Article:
New Challenge Winners Race to the Finish
There were a lot of raised hands at the opening of Friday’s New Challenge Pitch Event. “Raise your hand if you’re a judge…a finalist…a faculty member…an alum…an interested community member,” said Erika Nonken, a New School graduate student and project manager for the annual university competition designed to encourage student innovation. After every audience category had been identified in the packed auditorium, the event began. It was a mark of just how collaborative this university has become—faculty, alumni, students, administrators from all departments, and even practitioners from the surrounding community had assisted in this competition.
The New Challenge, which launched in spring 2012 as part of the university’s Social Innovation Initiative, is a contest to support student projects focusing on social and environmental issues. Offering $30,000 in project funding per year, the New Challenge is intended to inspire students to become leaders of change in the world and help them develop solutions to local community problems.
“The New Challenge is not just a business plan contest,” says Michele Kahane, professor of professional practice at the Milano School of International Affairs, Management, and Urban Policy. “The New Challenge lays the groundwork for an environment that supports innovative thinking.”
To that end, the New Challenge offers much more than a final award. Contestants benefit from workshops, mentoring sessions, faculty advice, and collaborative meetings with fellow competitors during the challenge and in the following year. “These kinds of experiences position the winning students as leaders and innovators as they embark on their future careers, in whatever field that may be,” says Kahane.
This year, seven finalists were selected from nearly 100 entries. Each finalist receives funding, and the winner of the grand prize—to be announced on March 13—was decided at Friday’s final judging and pitch event. Student entries were assessed on criteria including the merit of final presentations, demonstrated understanding of the social or environmental issue, and the project’s potential to have a sustained impact.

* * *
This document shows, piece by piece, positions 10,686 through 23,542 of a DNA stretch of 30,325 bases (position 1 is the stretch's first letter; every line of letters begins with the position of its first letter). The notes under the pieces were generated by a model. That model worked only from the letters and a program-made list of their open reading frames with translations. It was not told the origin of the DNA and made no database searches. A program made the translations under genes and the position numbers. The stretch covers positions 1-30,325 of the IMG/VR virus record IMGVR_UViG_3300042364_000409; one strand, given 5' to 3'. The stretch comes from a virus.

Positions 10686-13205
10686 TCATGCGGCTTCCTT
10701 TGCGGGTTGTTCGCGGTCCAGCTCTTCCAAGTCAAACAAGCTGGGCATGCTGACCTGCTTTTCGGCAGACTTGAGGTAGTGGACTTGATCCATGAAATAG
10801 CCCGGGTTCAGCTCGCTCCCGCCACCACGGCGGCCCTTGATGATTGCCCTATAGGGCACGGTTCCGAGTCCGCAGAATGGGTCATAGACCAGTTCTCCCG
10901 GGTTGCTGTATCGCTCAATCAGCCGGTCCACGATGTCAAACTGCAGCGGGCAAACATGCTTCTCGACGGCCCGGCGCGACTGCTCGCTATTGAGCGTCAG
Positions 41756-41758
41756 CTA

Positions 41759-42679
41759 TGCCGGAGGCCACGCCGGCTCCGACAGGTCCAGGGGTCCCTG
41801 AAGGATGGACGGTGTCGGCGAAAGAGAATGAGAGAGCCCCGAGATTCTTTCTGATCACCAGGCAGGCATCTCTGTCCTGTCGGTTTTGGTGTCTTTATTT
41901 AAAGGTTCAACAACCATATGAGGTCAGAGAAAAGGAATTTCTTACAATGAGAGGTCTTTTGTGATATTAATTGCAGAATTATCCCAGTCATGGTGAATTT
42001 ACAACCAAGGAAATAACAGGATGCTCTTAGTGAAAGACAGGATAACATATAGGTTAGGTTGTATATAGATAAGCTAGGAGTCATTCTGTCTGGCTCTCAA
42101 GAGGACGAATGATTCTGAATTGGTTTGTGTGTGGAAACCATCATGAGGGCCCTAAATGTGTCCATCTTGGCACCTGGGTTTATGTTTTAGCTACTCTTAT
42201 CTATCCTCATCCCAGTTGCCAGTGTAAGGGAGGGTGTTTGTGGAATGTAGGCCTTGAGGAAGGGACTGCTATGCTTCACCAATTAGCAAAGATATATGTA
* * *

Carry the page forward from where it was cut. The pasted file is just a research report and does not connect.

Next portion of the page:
“Ideas come in many forms,” says Kahane. “We’re looking for new social ventures and concepts for organizations, but also new products or designs that interact with existing platforms.”
The importance of collaboration is a theme repeated in alumni mentor sessions, team workshops, and even in the classroom. Faculty members have proposed courses where students take on New Challenge teams as “clients” for which they then create business plans and fundraising goals. “The New Challenge is about acquiring skills and forming relationships,” says Ally Dommu, a project manager for the competition and a graduate student at Milano. “There’s a lot of risk involved in being a social entrepreneur. It’s scary. We want students to feel supported in a broader community—inside the university and out—before they begin their careers in the field.”
To see this year’s finalists and semifinalists, check out the New Challenge website. The grand prize winner will be announced on March 13, following a panel discussion on social innovation featuring Echoing Green’s Cheryl Dorsey, Purpose’s Jeremy Heimans, the Acumen Fund’s Sasha Dichter and Parsons’ Bruce Nussbaum. RSVP at newchallenge.newschool.edu—and watch this space for an update on the winners.
*Update* The New Challenge grand prize winner has been announced! Read about it here.